Jury Coordination and Notes

Archive for April, 2009

Start Your Film Club This Summer!

Thursday, April 30th, 2009

Wondering what to do with all that extra time with the kids this summer? Some days just too hot or rainy to play outside? Why not start your own Junior Film Critics Club?

Our next 2-part class is scheduled for May 12 and May 19. There will be day sessions at 1pm Eastern Time and evening sessions at 8:30pm Eastern Time. The course fee of $30, with discounts available for educators, is fully refundable once you’ve completed your training and reviewed your first six films with your jury. The training takes place in the comfort of your own home, using only a telephone or headset and a computer (internet access is required, though hi-speed is not necessary.)

In this class, you will learn how to evaluate children’s media based on our standardized criteria and to work with a group of kids to help them become critical media viewers. Kid’s juries are made up of at least five kids in a particular age group. All approved DVDs, CDs and video games are yours to keep, so it’s also a great way to build up your media library, or help out your local school, church, library or other youth organization. And KIDS FIRST! reviews appear on our website and in parenting magazines.
To sign up for the class, fill out our juror application form, or email the Jury Manager for more information.

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Getting Kids to Talk – Ages 12-18

Thursday, April 16th, 2009

A key piece of our media literacy program is getting kids to think and talk about what they watch, play or listen to. But sometimes this is tricky. Our trained jurors watch a lot of DVDs throughout the course of the year and find our training and their experience helpful in getting kids to talk about their feelings.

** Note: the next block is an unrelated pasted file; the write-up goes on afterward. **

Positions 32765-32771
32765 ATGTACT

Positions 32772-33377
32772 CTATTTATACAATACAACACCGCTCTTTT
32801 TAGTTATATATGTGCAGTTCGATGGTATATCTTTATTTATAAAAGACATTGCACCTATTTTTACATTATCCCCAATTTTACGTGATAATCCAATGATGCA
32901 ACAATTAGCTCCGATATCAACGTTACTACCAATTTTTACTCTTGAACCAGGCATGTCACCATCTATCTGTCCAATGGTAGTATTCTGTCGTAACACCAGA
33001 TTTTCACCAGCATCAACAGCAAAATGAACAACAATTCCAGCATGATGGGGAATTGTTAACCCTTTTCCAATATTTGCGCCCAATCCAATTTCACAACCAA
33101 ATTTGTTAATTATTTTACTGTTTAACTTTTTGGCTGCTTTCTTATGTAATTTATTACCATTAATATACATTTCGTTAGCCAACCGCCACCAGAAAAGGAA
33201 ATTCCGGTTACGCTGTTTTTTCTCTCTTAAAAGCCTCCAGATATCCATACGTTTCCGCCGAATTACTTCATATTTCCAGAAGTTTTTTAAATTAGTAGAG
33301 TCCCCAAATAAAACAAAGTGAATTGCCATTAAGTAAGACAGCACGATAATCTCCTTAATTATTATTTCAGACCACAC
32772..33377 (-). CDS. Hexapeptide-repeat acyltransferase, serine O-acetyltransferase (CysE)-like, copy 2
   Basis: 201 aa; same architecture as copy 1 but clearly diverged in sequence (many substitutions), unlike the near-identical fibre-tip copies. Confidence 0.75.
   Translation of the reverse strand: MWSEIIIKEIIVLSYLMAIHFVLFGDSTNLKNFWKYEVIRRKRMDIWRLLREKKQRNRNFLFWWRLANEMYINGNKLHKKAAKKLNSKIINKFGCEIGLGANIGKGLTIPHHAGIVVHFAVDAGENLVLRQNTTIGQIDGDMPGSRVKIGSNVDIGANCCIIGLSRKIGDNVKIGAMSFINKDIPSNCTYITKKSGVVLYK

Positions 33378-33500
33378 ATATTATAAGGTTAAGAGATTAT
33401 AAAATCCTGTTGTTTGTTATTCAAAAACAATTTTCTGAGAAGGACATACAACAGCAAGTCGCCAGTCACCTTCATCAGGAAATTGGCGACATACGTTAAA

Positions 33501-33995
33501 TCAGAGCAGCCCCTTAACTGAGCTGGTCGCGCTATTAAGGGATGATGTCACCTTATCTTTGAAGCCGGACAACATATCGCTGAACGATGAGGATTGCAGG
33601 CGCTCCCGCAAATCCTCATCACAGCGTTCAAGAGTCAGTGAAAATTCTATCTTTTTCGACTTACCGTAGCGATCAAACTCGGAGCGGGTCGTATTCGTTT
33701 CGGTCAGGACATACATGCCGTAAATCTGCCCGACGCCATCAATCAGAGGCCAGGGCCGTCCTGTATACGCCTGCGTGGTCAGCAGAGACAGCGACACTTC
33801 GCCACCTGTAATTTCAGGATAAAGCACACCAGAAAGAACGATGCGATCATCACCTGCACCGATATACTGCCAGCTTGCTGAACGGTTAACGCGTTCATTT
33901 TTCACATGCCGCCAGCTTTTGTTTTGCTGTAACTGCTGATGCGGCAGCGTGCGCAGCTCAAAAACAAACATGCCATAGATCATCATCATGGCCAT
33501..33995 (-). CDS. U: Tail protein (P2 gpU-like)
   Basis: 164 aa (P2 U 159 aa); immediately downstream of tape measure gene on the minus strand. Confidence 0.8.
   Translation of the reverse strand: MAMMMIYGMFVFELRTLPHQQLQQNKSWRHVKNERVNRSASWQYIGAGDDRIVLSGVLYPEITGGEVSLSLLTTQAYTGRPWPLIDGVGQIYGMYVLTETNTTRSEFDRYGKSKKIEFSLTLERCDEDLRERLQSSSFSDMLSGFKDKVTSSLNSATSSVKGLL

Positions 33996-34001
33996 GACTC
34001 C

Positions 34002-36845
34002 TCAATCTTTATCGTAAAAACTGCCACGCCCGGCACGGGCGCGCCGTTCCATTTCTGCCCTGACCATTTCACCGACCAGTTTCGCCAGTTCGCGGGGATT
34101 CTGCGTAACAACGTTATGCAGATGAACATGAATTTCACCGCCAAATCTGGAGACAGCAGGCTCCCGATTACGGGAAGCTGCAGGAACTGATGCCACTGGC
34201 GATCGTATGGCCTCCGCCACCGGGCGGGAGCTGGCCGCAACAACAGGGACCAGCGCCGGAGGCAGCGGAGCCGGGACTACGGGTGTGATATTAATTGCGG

Kids, ages 12-18, often considers themselves adults, even though they may vacillate between juvenile and mature behavior. They are critical thinkers and, when directed, can be incredibly insightful. Provocative, open forum discussions can be held over issues such as loyalty, honesty and friendship.

They also will succumb to peer pressure, particularly if there are strong personalities in the group. If you think this is a problem, ask them to write their thoughts on paper. You can then share this information with the group anonymously. Girls and boys may have quite different interests at this age too. You might consider single-sex groupings occasionally for more in-depth responses. Try it both ways, to see if the responses vary. You will find this to be an excellent opportunity for introducing new concepts and vocabulary.

You can even set up a TV show and let your kids pretend they are professional reviewers. Let them interview each other for more fun and interactivity.
KIDS FIRST! jurors have some of the best ideas. If you’d like to share an idea or a project that works well for you, please email it to the Jury Manager and we can include it in future blogs. In subsequent blogs I will include tips for other age groups as well.
For more great ideas, or to become more involved with KIDS FIRST!, sign up for our next Jury Training Course or contact the Jury Manager.

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